Gunung Ibu is a fairly remote active volcano in eastern Indonesia. It is covered in dense jungle all the way to the crater rim at the top. Its crater is very large and used to be vegetated to the bottom as well, but a large black lava dome that has grown since 1998 now covers the crater floor. This lava dome is the distinguishing feature of Gunung Ibu and the main reason to come here.
Panoramic view of the crater.
Ibu volcano is quite remote, so you need to come prepared to spend some time getting there. The regional starting point is Ternate city, the capital of North Maluku province of Indonesia. You can get to Ternate by ship from Manado or by plane from Jakarta and other major Indonesian cities. From Ternate, take one of the regular speedboats to Jailolo on Halmahera island (about one hour). Accommodation is available in Jailolo. From Jailolo take a motorcycle taxi ("ojek") to the village of Duono to the North, which will take about three hours. Infrequent minibuses do this route, but they take much longer and are quite unreliable; the money on the ojek is more than well spent. In Duono ask for Pak Arnol who seems to be the only one still guiding visitors to the crater. Probably the only person in Duono who speaks English is Alex, but if he's away a few words of Indonesian will go a long way.
The route starts in the village of Duono on the Northwest side of the mountain and initially leads through coconut plantations for two to three hours. The plantations then give way to dense jungle and the path becomes increasingly unrecognizable and overgrown. Since lava dome growth died down, there have been at most a handful of visitors per year and getting to the crater rim without a guide with machete and who knows the way is impossible. The "path" passes a small box of seismic equipment owned by the volcanology department and then goes on through the dense jungle for another few hours before reaching the crater rim, a very small area of which has been cleared of the vegetation to allow for some splendid views down into the crater and onto the steaming lava dome. After a night of camping on the crater rim, you follow the same way back down the mountain. If starting very early in the morning, a trip back down may be possible on the same day, but in case of some volcanic activity a night view of the lava dome could be the highlight of the trip.
We are aware of only one guide, Pak Arnol, who lives in Duono. As most men in the area, he mostly works on the plantations during the day and it may thus be a good idea to arrive in Duono either very early in the morning or in the late afternoon. In the latter case, you can organize the hike with Pak Arnol in the evening, spend the night at his or the village head's house, and start climbing the next morning. Ask for Alex if you need someone who speaks English; he will help you communicate with Pak Arnol.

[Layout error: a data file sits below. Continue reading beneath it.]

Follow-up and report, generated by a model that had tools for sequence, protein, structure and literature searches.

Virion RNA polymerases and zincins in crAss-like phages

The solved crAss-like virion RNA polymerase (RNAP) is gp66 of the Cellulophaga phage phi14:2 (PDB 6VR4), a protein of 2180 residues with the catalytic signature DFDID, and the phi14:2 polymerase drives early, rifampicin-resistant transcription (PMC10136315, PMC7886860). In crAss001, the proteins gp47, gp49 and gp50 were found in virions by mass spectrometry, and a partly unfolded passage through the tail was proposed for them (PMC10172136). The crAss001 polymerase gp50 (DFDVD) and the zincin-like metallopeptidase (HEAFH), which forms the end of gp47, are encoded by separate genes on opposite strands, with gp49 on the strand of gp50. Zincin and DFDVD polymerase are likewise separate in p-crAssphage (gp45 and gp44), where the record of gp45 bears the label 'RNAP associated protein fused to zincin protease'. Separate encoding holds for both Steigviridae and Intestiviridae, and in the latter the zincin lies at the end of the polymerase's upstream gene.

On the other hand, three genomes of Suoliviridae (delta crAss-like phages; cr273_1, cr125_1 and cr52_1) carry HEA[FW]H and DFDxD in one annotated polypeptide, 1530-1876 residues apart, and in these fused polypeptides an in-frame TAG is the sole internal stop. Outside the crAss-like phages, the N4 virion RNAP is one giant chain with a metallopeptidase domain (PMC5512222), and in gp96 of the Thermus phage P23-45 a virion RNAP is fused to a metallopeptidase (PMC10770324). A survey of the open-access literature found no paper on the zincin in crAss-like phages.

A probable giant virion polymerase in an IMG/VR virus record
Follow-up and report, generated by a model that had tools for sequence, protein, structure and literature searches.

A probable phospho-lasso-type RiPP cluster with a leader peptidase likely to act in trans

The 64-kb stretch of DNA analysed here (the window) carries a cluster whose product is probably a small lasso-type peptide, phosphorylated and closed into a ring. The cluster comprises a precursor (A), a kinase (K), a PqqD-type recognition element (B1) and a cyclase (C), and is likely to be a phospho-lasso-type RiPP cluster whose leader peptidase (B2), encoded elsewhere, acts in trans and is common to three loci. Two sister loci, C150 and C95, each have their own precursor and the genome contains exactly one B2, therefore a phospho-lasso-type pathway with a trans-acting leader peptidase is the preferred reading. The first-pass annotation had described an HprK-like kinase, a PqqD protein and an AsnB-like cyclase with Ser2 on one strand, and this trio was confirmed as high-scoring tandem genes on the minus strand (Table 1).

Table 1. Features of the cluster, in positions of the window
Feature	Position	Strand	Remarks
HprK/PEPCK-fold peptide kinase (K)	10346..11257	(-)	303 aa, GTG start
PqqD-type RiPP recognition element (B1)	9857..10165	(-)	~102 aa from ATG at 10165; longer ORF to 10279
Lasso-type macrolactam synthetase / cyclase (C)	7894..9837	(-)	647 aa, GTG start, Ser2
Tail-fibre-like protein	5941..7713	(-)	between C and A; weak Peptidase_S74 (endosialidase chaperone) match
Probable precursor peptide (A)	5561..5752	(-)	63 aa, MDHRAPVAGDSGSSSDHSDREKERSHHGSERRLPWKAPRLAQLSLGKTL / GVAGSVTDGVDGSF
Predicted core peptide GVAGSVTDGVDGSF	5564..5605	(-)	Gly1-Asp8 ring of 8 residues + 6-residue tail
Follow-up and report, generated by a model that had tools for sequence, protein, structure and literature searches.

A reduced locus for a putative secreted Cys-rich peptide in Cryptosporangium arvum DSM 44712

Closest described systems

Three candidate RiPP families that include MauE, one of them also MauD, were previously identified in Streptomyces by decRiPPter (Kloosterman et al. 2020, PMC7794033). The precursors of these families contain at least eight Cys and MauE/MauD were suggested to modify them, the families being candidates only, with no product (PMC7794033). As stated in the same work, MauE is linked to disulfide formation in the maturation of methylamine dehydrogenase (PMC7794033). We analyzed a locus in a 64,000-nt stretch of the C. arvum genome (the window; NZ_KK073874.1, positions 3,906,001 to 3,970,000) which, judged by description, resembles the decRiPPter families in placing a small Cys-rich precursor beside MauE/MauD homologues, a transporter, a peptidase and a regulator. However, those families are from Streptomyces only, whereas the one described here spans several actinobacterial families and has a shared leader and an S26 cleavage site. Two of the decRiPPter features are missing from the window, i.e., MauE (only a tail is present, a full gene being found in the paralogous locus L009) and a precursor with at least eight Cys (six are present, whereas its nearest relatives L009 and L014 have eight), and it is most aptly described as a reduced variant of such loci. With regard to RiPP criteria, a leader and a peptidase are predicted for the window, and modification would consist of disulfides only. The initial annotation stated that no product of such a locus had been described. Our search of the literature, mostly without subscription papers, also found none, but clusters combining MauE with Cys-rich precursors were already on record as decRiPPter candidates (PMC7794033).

There may be a way to reach the crater rim from the East, but we neither know any details nor whether this is actually more than just a rumor.
Jungle all the way to the top.
There is space for two small tents or a couple of bivies on the crater rim. All water for the trip should be brought from the village as there are no streams on this side of the mountain.
Gunung Ibu is quite remote and sees extremely few visitors, Indonesian and foreign alike. Your presence in the area will be immediately known to the locals and you will require their help to reach your goal of climbing up to the crater.
In case of higher volcanic activity, there will be an official exclusion zone around the crater. While there will hardly be much enforcement of such rules, the guide will not take you up the mountain in case of high activity, and you won't stand a chance against the jungle without a guide who will bring a machete and knows the already somewhat cleared path.
There is a volcanology office in Gamsungi on the way from Jailolo to Duono. The staff there mainly watches the Gamkonora volcano, but this is also where the signal from the seismic station on Gunung Ibu is received, and they will be able to tell you about current activity levels.
When To Go
The dry and wet seasons in Maluku are somewhat reversed from most of the rest of Indonesia, making October through March the best period to visit. But even in the wet season a hike is possible if you are prepared to wait a few days for good weather and bring your raincoat and some extra dry clothes. However, going through the jungle will be even tougher in the wet season as the ground will be soaked and partially muddy.
External LinksIbu page of the Global Volcanism Program of the Smithsonian Institution
Ibu page at Volcano World